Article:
Double Standard

Double Standard for Men and Women

Dress codes have certainly changed dramatically over the years. Currently it's acceptable for girls and women to wear what used to be traditionally for men and boys only.

It hasn't always been like that. My friend, Tricia, told me how her Aunt Alice introduced her to feminism. Tricia was only seven when she was packed off to spend a week with Aunt Alice, Uncle George and three cousins. Tricia's mother had carefully packed enough clean and freshly ironed dresses to last the week. Aunt Alice opened the suitcase and gasped. Bam! She slammed it shut and placed it on the highest shelf in the closet.

Tricia now in her late 60's, grinned from ear to ear and her eyes sparkled as she reminisced about her early feminism. She looked skyward as if to give thanks to her long dead Aunt. "She threw me a pair of my cousin, Jimmy's jeans. I was in heaven. We played kick the can in the alley, climbed trees, and romped in the attic." Tricia sighed. "You wouldn't believe how free I felt."

When my daughter graduated from high school, she rummaged through her closet pulling first one dress, then another from the hangers. When she got down to just one left hanging, she announced, "There, now if I ever have to wear a dress, I won't have to figure out which one. I'll just wear my dress." She put the rest in a box and shipped them off to I can't remember where. Then she packed her jeans and sweats for college.

Marlene Dietrich was one of the first women to demonstrate that women could wear men's clothing without losing one iota of femininity. I will always admire the class with which she pulled it off when it was not the norm.

Today Hanes makes women's underwear fashioned after men's, and women, by the thousands, are buying it.

We have a word for men who dress in women's clothing. It's called cross-dressing. In the movies, cross-dressing is good-naturedly tolerated. Who could forget Robin Williams endearing performance as "Mrs. Doubtfire"? We loved Dustin Hoffman as "Tootsie". Jack Lemmon and Tony Curtis made us laugh out loud in "Some Like it Hot". Hugo Weaving, Guy Pearce and Terence Stamp were outrageous, funny, and very human in "The Adventures of Priscilla, Queen of the Desert".

In real life however, men who wear women's clothes are considered sick, mentally ill.

I remember Joseph and Irene. (Obviously not their real names) Irene wanted me to help Joseph overcome his problem. When I asked her to describe the problem, she pointed her finger at Joseph and glared. "Let him tell you."

Joseph showed the palms of his hands to the ceiling and raised his eyebrows. "I don't have a problem."

Irene jumped out of her chair. "Do you think I like coming home to find my husband dressed in woman's clothing?" She sat down. "It makes me feel queasy."

"I always change clothes when you get home."

"That's not the point. You shouldn't do it at all!"

"Okay. Okay", I interrupted. "We need to talk one at a time. Who wants to go first?"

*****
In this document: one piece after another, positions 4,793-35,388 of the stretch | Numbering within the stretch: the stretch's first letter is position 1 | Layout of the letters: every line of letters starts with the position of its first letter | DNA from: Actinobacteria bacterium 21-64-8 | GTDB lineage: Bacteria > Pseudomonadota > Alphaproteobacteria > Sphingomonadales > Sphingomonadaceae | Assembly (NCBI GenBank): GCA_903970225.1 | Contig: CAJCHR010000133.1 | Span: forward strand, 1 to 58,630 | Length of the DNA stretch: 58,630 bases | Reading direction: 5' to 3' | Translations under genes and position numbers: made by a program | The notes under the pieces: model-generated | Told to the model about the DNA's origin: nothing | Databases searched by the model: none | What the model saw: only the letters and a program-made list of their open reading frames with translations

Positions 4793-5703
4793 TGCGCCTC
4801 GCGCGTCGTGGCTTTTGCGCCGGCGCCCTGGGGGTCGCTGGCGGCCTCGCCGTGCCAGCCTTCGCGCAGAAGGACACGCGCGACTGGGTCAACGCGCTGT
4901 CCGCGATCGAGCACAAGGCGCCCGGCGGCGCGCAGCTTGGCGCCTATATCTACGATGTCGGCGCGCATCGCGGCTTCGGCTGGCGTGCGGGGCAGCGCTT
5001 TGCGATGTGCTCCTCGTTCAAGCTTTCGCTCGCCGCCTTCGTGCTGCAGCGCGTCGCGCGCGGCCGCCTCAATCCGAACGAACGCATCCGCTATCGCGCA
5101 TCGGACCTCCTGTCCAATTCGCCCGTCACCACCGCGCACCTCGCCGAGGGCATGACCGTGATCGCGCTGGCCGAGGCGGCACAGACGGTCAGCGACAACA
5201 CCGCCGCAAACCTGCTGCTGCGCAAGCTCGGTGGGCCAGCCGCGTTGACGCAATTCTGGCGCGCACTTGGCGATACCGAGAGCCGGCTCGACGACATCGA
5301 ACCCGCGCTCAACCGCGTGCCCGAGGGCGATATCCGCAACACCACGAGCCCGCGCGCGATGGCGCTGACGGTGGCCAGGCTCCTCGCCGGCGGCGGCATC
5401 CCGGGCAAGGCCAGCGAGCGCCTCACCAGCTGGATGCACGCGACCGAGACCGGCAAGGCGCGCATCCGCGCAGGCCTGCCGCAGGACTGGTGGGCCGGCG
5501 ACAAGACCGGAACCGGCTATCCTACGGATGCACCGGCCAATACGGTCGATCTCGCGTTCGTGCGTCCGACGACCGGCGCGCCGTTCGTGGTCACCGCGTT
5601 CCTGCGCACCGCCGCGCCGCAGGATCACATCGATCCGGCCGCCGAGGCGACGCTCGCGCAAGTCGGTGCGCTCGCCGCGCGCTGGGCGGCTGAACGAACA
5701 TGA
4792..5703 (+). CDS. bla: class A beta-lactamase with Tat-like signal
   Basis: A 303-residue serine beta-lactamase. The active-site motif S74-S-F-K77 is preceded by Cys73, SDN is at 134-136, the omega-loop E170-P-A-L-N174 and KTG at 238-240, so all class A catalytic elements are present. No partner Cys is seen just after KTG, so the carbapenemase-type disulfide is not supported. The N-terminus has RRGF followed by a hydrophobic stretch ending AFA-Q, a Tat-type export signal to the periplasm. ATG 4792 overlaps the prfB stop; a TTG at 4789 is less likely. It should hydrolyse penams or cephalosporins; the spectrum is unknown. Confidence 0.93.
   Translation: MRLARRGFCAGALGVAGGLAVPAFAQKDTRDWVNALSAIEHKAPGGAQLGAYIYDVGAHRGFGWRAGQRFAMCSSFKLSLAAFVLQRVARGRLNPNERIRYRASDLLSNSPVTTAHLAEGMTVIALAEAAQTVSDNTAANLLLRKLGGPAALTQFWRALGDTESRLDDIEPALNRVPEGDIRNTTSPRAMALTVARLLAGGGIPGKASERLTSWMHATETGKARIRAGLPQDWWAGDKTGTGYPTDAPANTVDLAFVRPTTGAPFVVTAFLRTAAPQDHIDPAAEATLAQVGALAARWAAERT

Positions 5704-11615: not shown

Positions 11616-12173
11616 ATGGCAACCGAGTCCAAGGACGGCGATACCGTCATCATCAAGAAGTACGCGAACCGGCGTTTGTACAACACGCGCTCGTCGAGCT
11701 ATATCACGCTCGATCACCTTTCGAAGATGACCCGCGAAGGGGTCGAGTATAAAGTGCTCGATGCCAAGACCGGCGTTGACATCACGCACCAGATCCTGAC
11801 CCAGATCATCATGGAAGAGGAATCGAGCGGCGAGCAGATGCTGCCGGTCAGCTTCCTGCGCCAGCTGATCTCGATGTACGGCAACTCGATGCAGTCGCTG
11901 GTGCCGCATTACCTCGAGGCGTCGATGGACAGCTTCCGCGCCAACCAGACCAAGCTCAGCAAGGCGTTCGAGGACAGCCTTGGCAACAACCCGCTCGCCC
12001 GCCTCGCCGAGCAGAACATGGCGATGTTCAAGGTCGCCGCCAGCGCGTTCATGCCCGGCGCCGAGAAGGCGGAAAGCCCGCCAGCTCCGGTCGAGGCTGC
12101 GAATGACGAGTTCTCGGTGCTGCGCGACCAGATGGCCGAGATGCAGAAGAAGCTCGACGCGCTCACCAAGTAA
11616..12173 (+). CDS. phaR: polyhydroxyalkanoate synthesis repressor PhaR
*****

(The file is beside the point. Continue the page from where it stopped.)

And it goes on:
Irene folded her arms and pursed her lips. Joseph leaned forward in his chair "It's not a problem for me. I enjoy it."

"Alright, then how is it a problem for your wife?" I waved at Irene to signal her to wait her turn.

"I can't resist a good time. See, I found this great red cowgirl outfit just like the one Betty Hutton wore in "Annie Get Your Gun", and a nun's habit like the one Whoopie Goldberg wore in "Sister Act" at a costume shop that was going out of business." Irene sat silently staring at her shoes while Joseph rattled on. "You'll never guess where I got the long black dress with the white collar like the one Dorothy McGuire wore in "Friendly Persuasion". He sat back in his chair, a satisfied grin on his face.

"Okay." I said, "Then what?"

"I like old movies."

"Yes".

"I like to wear clothes like the heroin when I watch them."

I replied with sincerity in my voice. "That's an interesting hobby."

Irene shot daggers in Joseph's direction and then pleaded with me. "Tell him! Tell him it's not normal."

When it was Irene's turn to talk she was quick to admit that their relationship was quite satisfactory if every other way. Their sex life was satisfying. Joseph was a good wage earner, a thoughtful spouse, and fun to be with, most of the time.

Joseph had an engaging smile. "Loosen up, Irene. You wear my clothes. What's the big deal."

So there you have it, a therapist's worst nightmare. Joseph wanted me to side with him, and Irene wanted me to side with her.

At the end of that first session, I wondered whether or not the couple would come back for a second one. Irene said, "Yes. Definitely."

I wrote down a time and handed the appointment slip to Irene.

Then it dawned on me that I needed to stay balanced, so I looked at Joseph and said, "Do you want a slip too?"

Joseph laughed. "That's a heck of a thing to say to a cross-dresser."

In the waiting room, Joseph helped Irene into her coat. "You could play Rhett to my Scarlet, you know."

"Not after the children are born", she shook her finger at him.

"Promise." He kissed her on the cheek.

I don't recall how Joseph and Irene resolved their dilemma, but I will never forget Joseph's playfulness and his engaging sense of humor.

Joseph insisted on exercising his right to dress as he chose; a right woman have enjoyed for more than half a century. They didn't come back for another session. My best guess is that Irene made one heck of a Rhett Butler.

—M. LaCourt

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